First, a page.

Reduced terrorist threat level in Belgium but still need for military presence in the capitalTuesday, 23 January 2018 07:56
"For us it is important that places considered as critical from a risk point of view, such as embassies, the Jewish Museum and synagogues, should continue to have a military presence because, otherwise, the police will have to take charge and will be less present in the neighborhoods," he commented in an interview on Monday (22 January) on the sidelines of a meeting of the communal council.
Close added that he understands the federal government's intention to reduce the number of soldiers on the street as a result of the lowering of the threat level. "I’m in favor of collaboration and searching for solutions," he underlined.
According to the mayor, security measures taken during major public events will not disappear because "times have changed" and the population understands it.
"People are getting used not come to big events with backpacks and are behaving well at police searches. We are trying to create a climate that is as less uncomfortable as possible. The citizens seem to support the work of the police" he said.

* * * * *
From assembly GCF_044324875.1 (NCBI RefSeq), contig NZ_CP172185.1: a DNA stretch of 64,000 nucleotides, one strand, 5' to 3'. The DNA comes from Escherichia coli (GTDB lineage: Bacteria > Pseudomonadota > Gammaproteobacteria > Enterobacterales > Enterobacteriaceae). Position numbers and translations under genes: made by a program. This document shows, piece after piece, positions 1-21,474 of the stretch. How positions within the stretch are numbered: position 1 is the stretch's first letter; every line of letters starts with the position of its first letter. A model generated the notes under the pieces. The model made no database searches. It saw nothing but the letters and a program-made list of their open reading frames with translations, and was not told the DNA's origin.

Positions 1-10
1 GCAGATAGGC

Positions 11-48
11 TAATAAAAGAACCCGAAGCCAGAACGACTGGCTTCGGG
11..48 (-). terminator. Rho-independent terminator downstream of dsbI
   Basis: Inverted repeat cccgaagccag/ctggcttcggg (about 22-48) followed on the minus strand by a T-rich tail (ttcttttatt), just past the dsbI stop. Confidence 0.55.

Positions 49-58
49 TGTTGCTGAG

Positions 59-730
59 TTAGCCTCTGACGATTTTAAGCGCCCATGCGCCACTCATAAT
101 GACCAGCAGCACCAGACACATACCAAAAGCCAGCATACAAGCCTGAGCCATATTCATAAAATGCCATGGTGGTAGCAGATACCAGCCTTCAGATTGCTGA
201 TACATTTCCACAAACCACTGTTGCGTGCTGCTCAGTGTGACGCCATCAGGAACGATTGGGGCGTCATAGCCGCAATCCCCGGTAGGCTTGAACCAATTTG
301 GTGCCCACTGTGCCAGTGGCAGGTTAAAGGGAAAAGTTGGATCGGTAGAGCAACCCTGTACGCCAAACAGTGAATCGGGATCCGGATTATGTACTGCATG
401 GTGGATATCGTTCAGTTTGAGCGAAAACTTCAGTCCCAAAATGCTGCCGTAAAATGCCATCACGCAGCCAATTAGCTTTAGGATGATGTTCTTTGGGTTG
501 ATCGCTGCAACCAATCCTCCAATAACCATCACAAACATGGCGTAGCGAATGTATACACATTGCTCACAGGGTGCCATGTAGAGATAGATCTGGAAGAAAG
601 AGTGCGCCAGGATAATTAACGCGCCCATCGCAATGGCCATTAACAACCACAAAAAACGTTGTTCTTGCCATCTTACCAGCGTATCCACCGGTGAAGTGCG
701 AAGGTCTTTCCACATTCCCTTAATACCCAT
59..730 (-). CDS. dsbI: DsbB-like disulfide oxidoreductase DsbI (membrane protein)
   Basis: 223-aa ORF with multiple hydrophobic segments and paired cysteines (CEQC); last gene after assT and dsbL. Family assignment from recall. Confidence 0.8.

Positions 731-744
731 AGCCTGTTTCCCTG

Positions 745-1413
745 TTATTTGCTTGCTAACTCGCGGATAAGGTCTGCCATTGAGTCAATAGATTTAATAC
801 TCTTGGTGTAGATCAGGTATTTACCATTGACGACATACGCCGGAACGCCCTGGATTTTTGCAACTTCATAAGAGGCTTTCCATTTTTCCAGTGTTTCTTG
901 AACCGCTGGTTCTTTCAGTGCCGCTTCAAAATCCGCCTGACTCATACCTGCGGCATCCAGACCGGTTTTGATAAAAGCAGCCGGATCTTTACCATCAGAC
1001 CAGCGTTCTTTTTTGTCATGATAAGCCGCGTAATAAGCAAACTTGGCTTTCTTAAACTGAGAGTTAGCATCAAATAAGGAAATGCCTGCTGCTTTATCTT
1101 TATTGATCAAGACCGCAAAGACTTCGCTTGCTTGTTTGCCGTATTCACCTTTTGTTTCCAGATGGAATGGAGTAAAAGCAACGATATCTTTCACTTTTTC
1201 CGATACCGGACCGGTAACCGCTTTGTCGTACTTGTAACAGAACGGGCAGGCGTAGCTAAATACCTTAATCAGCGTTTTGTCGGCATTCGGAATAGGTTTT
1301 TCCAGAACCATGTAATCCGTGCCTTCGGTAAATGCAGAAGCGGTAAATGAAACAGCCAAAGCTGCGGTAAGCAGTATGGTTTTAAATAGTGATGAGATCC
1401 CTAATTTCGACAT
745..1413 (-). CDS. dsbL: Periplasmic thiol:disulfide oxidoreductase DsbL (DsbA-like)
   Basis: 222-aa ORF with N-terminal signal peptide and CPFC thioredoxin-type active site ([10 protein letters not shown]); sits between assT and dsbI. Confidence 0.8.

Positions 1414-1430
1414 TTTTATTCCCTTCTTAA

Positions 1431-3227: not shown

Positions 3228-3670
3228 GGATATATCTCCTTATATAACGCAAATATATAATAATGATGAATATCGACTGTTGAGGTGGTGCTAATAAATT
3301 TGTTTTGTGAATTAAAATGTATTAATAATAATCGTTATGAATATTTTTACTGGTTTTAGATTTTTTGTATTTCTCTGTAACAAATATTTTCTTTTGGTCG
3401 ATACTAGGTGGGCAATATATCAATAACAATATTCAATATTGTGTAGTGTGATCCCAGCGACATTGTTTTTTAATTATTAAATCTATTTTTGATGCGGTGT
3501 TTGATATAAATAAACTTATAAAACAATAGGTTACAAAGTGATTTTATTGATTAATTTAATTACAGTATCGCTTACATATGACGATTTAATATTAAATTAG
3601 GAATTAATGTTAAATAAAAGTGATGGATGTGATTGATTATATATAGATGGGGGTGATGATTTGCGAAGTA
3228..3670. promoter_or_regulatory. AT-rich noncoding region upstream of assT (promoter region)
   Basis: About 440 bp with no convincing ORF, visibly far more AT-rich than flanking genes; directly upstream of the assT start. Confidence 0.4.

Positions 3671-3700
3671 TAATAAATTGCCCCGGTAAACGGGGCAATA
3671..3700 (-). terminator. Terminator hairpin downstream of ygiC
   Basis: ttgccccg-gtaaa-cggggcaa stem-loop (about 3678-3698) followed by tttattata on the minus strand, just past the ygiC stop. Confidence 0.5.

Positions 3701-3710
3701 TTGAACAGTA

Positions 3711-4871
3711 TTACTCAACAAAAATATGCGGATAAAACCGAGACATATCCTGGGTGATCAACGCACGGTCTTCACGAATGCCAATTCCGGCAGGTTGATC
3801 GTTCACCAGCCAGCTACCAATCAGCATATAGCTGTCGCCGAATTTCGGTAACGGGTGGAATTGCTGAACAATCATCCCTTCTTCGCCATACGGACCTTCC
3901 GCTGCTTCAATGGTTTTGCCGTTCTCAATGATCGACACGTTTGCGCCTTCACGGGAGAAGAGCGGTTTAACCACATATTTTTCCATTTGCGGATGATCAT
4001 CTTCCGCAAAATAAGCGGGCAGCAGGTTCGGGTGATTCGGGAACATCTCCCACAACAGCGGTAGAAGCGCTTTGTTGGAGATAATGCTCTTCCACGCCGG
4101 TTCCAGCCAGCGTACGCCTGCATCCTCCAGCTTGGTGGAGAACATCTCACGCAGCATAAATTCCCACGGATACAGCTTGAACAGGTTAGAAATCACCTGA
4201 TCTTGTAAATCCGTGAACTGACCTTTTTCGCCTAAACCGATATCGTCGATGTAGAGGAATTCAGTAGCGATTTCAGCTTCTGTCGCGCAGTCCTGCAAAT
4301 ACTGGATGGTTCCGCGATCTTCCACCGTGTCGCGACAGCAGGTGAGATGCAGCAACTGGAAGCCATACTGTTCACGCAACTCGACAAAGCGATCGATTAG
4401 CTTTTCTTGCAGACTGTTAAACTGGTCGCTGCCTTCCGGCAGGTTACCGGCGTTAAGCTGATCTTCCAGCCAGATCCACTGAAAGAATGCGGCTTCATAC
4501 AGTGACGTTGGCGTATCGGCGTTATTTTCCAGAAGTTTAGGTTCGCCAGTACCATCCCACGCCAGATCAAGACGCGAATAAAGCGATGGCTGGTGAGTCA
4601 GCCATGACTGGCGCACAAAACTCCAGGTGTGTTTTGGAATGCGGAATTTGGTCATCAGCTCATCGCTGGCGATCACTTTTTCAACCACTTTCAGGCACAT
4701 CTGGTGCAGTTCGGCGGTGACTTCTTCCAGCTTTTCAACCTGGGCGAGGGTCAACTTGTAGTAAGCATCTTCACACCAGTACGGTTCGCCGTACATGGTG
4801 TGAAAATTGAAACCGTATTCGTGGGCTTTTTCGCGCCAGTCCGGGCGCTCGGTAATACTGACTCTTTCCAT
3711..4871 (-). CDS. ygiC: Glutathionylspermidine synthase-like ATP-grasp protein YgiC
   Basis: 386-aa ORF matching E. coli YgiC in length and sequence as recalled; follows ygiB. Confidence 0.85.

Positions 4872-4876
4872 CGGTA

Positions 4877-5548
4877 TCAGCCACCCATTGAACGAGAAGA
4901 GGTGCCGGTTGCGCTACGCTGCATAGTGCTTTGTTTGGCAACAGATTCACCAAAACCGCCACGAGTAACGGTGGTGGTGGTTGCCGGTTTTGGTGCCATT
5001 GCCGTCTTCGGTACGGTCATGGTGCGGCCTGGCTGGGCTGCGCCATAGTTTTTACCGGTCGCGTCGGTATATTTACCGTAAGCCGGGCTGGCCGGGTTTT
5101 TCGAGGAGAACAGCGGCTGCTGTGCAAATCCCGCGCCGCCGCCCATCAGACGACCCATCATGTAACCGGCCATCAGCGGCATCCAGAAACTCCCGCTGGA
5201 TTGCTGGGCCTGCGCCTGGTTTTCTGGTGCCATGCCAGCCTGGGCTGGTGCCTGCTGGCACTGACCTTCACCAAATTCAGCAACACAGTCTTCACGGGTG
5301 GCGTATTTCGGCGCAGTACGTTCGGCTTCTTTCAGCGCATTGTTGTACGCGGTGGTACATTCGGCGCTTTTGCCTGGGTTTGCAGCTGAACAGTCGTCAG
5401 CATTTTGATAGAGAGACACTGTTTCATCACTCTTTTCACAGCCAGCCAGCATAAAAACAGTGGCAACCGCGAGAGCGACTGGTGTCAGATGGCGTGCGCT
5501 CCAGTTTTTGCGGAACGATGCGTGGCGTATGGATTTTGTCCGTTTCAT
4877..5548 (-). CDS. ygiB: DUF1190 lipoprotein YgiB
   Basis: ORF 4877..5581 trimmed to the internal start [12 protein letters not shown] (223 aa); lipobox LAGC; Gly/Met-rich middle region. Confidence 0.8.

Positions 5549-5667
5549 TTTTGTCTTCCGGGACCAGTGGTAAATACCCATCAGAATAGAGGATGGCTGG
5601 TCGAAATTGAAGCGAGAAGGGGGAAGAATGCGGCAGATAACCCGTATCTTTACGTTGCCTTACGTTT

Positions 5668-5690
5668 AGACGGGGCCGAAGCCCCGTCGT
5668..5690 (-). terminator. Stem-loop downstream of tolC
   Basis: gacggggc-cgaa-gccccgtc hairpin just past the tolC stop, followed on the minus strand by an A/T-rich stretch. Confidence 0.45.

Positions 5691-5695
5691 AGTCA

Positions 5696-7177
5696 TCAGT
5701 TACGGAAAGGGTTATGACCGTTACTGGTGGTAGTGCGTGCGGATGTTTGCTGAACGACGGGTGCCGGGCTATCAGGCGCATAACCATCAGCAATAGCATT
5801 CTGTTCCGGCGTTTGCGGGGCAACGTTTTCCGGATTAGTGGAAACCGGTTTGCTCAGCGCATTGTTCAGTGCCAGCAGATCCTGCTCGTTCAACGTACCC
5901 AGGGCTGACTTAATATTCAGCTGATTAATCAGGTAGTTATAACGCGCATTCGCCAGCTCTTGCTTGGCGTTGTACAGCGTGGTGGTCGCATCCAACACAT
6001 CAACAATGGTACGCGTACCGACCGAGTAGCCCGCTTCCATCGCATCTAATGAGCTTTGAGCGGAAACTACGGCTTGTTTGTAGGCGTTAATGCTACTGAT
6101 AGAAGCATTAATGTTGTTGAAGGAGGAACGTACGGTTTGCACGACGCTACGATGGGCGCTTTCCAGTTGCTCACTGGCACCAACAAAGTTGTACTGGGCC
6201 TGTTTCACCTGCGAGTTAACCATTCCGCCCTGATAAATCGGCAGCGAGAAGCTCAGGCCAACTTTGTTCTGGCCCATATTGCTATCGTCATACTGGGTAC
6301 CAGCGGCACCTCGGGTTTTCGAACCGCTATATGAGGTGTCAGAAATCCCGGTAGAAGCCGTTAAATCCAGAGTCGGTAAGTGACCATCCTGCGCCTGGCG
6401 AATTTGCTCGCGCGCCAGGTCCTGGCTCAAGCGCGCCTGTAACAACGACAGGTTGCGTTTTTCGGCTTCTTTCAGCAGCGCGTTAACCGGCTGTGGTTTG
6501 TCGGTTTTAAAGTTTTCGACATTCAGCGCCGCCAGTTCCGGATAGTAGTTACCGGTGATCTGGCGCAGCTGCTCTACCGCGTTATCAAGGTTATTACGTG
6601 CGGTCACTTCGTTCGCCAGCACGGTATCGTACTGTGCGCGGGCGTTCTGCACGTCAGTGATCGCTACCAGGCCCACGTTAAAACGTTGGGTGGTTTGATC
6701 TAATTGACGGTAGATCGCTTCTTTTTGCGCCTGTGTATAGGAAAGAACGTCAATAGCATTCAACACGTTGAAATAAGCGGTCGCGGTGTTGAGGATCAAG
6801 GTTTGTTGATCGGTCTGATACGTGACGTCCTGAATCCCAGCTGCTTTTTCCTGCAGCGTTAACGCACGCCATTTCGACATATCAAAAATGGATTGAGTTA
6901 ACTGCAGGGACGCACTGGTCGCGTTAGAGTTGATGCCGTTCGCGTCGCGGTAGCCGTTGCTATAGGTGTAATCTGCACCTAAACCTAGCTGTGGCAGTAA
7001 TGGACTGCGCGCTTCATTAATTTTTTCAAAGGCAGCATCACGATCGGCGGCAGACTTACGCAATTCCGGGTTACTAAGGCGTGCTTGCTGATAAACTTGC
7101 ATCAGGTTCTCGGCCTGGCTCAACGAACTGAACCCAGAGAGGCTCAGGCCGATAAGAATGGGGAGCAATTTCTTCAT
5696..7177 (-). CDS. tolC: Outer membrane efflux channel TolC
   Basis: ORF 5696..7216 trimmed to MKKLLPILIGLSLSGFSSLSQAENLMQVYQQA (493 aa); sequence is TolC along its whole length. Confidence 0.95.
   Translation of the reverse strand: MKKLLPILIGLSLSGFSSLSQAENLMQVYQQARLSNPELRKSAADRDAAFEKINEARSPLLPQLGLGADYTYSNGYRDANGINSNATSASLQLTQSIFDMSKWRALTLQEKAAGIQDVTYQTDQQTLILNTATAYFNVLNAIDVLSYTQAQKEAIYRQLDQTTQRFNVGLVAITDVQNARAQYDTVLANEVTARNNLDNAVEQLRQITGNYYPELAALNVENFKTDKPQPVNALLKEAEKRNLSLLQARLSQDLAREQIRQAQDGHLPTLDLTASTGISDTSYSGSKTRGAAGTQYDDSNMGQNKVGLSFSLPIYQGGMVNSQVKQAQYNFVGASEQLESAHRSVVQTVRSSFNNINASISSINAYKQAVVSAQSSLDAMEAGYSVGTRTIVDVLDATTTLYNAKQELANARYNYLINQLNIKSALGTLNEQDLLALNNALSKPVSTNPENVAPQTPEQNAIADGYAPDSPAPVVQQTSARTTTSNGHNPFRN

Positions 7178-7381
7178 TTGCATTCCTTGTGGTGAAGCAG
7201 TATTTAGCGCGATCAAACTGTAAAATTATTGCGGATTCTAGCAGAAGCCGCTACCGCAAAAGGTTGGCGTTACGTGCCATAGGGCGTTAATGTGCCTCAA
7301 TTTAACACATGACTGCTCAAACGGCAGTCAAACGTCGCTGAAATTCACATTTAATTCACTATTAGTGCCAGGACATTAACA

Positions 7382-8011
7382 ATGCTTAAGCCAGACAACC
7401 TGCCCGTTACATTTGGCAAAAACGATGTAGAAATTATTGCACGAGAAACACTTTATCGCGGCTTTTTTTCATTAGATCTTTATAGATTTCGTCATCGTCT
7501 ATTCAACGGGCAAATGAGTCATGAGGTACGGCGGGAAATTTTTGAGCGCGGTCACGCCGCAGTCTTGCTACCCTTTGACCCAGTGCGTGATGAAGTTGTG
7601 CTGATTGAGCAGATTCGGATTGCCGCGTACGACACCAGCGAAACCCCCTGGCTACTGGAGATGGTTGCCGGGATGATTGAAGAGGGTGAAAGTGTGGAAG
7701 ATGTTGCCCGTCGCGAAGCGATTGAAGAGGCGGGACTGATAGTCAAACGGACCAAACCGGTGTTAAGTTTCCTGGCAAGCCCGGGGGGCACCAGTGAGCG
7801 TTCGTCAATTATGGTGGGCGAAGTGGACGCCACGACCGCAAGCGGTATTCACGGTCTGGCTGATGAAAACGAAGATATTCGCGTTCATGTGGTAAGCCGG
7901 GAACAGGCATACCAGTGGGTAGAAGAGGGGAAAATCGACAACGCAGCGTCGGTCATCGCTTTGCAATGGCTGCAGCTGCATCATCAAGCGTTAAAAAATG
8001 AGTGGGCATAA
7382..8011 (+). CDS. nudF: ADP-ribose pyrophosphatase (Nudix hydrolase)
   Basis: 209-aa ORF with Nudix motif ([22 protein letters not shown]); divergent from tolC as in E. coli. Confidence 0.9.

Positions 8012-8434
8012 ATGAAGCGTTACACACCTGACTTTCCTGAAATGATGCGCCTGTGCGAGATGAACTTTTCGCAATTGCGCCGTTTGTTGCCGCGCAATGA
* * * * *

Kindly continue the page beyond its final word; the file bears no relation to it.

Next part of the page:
The Coordinating Body for Threat Analysis (Ocam) reduced Monday the general threat level in Belgium from 3 to 2 (on a scale of 1 to 4), announced Prime Minister Charles Michel, while insisting on the need to maintain vigilance.
The Prime Minister warned that soldiers deployed in major cities since January 17, 2015, will not disappear immediately from the streets. "We are keeping the military in a proportionate way," he said.
The Brussels Times
Belgium’s Pro League on Tuesday appealed to fans not to set off firecrackers and other pyrotechnic devices in stadiums.
Foreign language trainers at EU institutions are preparing to submit a petition with 4,000 signatures denouncing the precariousness of their…
Police in Brussels have reopened a street close to the European Commission (EC) headquarters after a bomb threat was sent…
The Brussels region has decided to take steps to fight back against its pigeon population problem, according to reports.